These four historic sites were among some of the most interesting, most powerful sites I’ve visited. There was this conflicting feeling between the beauty of the architecture, the romanticized beauty of colonial ruins, and the sacred feeling of religious spaces and the ideas of forced conversion, forced labor, disease, war, fighting, and the upheaval of culture that took place in the walls of each of these missions. Each of these sites left me feeling that conflict and wanting to look deeper into these sites. I’ve done some of that in the process of writing this post, reading more in depth about each site on the park’s website and looking beyond for other resources. I do think the sites themselves could delve deeper into these conflicting narratives and experiences of the Missions and it does seem since we visited that Mission Concepcion has put up a new exhibit, Four Voices, aimed at sharing the divergent points of view at the Missions.

Overall, these sites are so important for understanding the history of San Antonio, Texas, the Southwest and ultimately the United States. As in many other places in time, several cultures converged. Owning up to what that convergence meant for many indigenous people is important for how we move forward.

Public Historian on Vacation: Part 3 – San Antonio Beyond the Alamo

Our first day in San Antonio included barbecue and a tour of the Alamo, but also a trip to a less traditional kind of museum, Barney Smith’s Toilet Seat Art Museum.

Yes, toilet seat art. Barney Smith, a former plumber and volunteer firefighter turned artist has collected and decorated hundreds, maybe thousands, of toilet seats. Each has a theme and most are what art galleries would call mixed media. Small objects glued to the seats and then painted and drawn on, each toilet seat tells a story or centers around a theme. Open by appointment, the gallery is Mr. Smith’s garage and the 96-year-old artist himself tells visitors about the highlights of the collection.

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The toilet seats tell Barney Smith’s personal history, with one toilet seat even labeled as his personal toilet seat. Lift the lid and it traces his careers as a fireman, a plumber, and an artist. There are also several toilet seats commemorating his wedding anniversaries, his life with his wife, and his relationships with his children. Some seats tell the history of his art and its reach, with toilet seats for all of the states and countries his visitors have come from.

Other seats though mark important local events such as festivals, the Fiesta Pooch Parade, local civic organizations. And others speak to Mr. Smith’s memories of regional or national historical events. For example, one seat features a piece of the Space Shuttle Challenger, another a piece of the Berlin Wall.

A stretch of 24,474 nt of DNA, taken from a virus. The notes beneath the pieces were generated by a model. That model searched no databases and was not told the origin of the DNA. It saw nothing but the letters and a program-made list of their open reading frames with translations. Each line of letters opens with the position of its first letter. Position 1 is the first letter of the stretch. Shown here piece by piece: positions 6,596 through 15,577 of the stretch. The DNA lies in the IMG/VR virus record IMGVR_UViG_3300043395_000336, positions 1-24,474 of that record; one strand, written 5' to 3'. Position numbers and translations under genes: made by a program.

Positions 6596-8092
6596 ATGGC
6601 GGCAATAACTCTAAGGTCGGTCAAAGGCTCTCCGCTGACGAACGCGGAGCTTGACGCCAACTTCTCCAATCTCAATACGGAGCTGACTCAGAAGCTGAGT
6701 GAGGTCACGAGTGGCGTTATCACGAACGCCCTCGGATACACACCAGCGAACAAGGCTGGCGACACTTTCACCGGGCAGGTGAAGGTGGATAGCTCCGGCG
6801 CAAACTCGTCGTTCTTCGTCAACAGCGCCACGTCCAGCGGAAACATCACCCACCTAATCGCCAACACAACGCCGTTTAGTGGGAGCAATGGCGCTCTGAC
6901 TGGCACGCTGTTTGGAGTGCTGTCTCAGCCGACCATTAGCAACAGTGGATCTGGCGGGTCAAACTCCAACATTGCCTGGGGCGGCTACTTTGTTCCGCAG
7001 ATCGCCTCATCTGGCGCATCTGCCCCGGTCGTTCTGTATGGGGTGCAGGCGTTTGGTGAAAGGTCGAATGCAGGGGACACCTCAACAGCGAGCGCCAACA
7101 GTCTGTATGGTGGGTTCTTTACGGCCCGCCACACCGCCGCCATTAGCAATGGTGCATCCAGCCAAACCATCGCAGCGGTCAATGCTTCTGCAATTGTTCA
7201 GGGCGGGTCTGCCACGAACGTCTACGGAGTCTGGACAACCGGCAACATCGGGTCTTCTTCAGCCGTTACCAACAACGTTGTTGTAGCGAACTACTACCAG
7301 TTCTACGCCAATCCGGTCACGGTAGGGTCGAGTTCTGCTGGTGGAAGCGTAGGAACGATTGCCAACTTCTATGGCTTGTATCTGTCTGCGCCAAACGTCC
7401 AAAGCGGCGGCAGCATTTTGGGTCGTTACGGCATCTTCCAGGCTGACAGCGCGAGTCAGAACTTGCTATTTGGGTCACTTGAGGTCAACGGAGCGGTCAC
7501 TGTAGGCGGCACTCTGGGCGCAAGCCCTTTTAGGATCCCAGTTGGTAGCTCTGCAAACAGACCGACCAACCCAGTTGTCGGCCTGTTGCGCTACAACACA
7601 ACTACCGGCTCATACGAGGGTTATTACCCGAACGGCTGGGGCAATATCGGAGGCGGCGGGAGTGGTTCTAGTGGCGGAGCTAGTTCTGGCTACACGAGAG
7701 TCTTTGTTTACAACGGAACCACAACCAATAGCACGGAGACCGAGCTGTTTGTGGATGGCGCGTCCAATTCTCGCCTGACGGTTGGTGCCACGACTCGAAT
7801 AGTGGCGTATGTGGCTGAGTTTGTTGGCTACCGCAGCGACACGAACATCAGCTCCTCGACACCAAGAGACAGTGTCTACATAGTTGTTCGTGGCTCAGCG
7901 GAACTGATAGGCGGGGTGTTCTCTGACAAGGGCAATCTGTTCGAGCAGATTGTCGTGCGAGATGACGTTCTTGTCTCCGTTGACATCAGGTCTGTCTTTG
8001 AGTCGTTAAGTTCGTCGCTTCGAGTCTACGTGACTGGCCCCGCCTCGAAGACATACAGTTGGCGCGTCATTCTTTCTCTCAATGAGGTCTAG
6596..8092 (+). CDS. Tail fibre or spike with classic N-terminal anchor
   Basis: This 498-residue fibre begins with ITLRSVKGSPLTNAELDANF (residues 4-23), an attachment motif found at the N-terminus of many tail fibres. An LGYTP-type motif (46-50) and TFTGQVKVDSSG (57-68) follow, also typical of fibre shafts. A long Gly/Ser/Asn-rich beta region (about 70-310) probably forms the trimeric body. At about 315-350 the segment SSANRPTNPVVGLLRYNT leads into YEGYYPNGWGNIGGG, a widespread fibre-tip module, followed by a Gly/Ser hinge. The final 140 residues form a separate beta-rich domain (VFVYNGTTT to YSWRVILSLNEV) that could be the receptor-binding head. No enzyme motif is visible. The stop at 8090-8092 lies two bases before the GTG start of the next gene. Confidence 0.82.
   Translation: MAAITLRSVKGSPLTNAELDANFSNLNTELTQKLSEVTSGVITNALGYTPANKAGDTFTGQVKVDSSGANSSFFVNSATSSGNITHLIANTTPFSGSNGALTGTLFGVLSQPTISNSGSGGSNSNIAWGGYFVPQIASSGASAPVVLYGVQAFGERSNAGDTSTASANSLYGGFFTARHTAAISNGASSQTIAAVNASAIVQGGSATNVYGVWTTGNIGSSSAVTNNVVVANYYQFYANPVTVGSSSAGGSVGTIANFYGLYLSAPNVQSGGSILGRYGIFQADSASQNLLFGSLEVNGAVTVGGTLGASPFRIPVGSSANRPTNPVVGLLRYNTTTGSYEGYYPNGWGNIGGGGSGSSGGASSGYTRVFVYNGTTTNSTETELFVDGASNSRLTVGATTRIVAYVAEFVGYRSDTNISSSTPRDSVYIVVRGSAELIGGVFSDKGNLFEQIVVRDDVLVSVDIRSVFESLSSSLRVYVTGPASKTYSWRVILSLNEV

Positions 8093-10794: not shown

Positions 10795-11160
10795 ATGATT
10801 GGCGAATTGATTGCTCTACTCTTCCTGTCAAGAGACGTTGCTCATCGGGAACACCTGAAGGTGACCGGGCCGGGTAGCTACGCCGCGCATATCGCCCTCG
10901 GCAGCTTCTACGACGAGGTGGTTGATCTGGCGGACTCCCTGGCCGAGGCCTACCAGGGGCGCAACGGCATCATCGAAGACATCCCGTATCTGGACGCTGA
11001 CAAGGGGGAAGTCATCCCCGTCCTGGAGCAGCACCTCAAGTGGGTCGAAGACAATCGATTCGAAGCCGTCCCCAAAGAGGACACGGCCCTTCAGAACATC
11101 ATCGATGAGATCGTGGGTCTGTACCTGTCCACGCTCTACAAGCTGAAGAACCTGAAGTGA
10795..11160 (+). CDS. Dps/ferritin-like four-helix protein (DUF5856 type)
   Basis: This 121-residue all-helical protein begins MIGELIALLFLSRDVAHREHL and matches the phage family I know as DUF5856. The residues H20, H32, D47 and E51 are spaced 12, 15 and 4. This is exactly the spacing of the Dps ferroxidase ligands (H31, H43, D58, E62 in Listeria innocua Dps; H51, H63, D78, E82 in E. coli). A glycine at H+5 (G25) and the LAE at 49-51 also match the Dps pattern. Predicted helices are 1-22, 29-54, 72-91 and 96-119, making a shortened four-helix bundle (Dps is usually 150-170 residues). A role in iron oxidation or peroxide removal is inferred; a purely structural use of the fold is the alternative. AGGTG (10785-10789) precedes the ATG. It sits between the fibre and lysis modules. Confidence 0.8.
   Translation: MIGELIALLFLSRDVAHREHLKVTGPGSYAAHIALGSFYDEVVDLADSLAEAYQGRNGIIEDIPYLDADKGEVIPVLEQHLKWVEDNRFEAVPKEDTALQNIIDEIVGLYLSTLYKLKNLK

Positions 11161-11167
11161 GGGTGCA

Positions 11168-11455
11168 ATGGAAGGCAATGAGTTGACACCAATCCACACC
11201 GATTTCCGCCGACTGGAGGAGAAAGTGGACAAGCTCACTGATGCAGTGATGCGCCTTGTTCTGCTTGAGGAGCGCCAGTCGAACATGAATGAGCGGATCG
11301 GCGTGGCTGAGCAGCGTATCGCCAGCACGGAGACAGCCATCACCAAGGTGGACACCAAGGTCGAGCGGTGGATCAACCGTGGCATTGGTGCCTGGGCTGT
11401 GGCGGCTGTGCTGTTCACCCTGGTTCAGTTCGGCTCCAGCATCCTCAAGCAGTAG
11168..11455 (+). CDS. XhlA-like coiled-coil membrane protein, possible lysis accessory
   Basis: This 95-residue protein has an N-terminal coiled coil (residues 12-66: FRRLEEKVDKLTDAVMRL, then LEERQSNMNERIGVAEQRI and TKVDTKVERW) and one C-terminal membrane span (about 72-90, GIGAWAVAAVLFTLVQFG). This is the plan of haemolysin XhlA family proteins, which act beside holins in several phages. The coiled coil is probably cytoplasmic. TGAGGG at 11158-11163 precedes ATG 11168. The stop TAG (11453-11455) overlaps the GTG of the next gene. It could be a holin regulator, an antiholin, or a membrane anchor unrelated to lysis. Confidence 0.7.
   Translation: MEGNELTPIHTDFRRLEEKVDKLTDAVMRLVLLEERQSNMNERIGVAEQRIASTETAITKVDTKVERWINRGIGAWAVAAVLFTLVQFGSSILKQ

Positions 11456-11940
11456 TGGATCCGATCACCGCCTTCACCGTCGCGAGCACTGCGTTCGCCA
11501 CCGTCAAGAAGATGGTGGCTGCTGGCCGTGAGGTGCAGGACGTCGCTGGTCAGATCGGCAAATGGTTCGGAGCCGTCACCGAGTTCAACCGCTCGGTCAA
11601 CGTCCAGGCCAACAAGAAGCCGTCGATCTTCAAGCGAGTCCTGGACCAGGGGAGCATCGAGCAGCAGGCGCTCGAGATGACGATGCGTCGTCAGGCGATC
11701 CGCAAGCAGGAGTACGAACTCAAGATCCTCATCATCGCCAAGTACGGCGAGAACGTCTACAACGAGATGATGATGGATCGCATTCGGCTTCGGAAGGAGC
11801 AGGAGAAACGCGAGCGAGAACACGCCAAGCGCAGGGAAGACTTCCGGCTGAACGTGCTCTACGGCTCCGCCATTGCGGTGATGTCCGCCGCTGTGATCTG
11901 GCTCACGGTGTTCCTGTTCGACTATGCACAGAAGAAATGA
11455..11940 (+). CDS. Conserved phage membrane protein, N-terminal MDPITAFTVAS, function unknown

This museum is both personal and public. Private but on display. Local but national, even international. Personal reflections on bigger stories. It really reminded me of one of the first books I read for graduate school, Private History in Public, actually written by my professor and adviser, Dr. Tammy Gordon. In it she writes about historical exhibits that “complicate the public/private dichotomy, exhibits that promote individualized perspectives to strangers and cement ties between relatives, friends, colleagues, and community members.” Barney Smith’s toilet seat museum is a prime example of this. Touring it with my husband, my mom, and my grandparents, we were all pointing out various seats to one another, discussing our own remembrances or knowledge about the various events, topics, and places that were depicted on the seats. It was clear that the community of San Antonio was involved with Mr. Smith’s work, with local commendations, awards, and donations to his collection on display with his seats. And being shown around by Barney himself allowed us to see and hear his perspective on his art, on the seats he thought would most interest us, and on the historical events depicted. As Gordon discusses in Private History in Public, these kinds of non-traditional, small museums enable this dialogue. Furthermore, the interest in this museum speaks to people’s interest in individual stories and individualized pasts, a point made in Roy Rosenzweig and David Thelen’s foundational work, The Presence of the Past: Popular Uses of History in American Life. People are interested in history, in the past, in others’ stories, but more in ways in which they can connect to their own stories and pasts. This may be why historic sites and museums continue to struggle with visitor numbers. People want to see a past that they feel connected to.